Managing stimulus packages and banking sector liquidity
Like the rest of the world, the Bangladesh economy is reeling from the shocks of the coronavirus pandemic.
Apart from the health and safety issues relating to COVID-19, a discussion on possible measures for both the economy and financial sector liquidity has become essential.
As per the prediction of many economists, Bangladesh's gross domestic product may shrink by 2 per cent to 3 per cent, although the extent of severity and recovery mainly depends on how long the pandemic will drag on.
It is also important to note that the country's trade to GDP ratio was 38.24 per cent in 2018, which signifies that the recovery of our economy will also depend on how the world economy, particularly the US and European economies, behave in the post-pandemic period.
The government and the Bangladesh Bank have initiated several praiseworthy measures for the sake of the general people, real economy, and most importantly, the financial system.
Their decisive actions have already created confidence among stakeholders and will possibly help avert panic.
The government has so far announced 19 stimulus packages worth Tk 103,117 crore, which is 3.7 per cent of the country's GDP.
Crucially, a certain portion of the interest rates of all stimulus packages will be borne by the government.
Besides, organisations like Palli Karma-Sahayak Foundation (PKSF), Palli Sanchay Bank and a few non-governmental organisations have announced their own packages.
The government is expected to innovate new tools and sources of finance in place of traditional means of borrowing from banks, as leaving enough funds in the hands of the institutions to lend to the private sector is also crucial.
Apart from strengthening the tax machinery on a priority basis, a host of other measures has become the demand of the time.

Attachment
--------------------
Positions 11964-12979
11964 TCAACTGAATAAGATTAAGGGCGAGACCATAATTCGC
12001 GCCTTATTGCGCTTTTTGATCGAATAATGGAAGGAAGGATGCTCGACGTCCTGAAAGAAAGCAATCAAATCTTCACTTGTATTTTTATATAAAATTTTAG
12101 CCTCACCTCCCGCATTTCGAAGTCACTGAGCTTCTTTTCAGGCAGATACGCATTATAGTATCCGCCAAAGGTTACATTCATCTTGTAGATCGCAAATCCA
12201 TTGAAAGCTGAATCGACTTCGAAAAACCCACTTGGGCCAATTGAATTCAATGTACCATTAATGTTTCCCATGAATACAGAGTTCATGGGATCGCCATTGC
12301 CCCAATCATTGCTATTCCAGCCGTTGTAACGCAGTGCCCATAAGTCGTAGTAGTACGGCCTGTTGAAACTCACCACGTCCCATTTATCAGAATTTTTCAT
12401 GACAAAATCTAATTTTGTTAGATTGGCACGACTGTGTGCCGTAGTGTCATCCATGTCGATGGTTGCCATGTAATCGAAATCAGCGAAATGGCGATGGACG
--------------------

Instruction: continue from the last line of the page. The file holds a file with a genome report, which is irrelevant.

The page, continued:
They include bringing black money to the market; maintaining steady remittance inflow through giving incentives; requesting the diaspora community to send money for their motherland in profitable long-term investment opportunities; requesting international funding agencies to provide more financial support; prioritising the implementation of development projects; stopping the misuse of resources at the maximum level, and so on.
We know that every challenge comes with opportunities. We need to locate these opportunities well ahead of others and use them perfectly for the interest of reviving our economy.
In this global crisis, our solace is that the government is in a comfortable position with the food supply as farmers have successfully stored boro paddy and aus is going to be cultivated in due time.
On the external front, a low oil price is expected to continue, and that is good news.
If the government can implement its stimulus packages by not depending much on lenders, hopefully, banks and financial institutions will not face major problems in providing liquidity support to the real economy.
To maintain liquidity support for banks and financial institutions, the BB has taken several appreciable measures.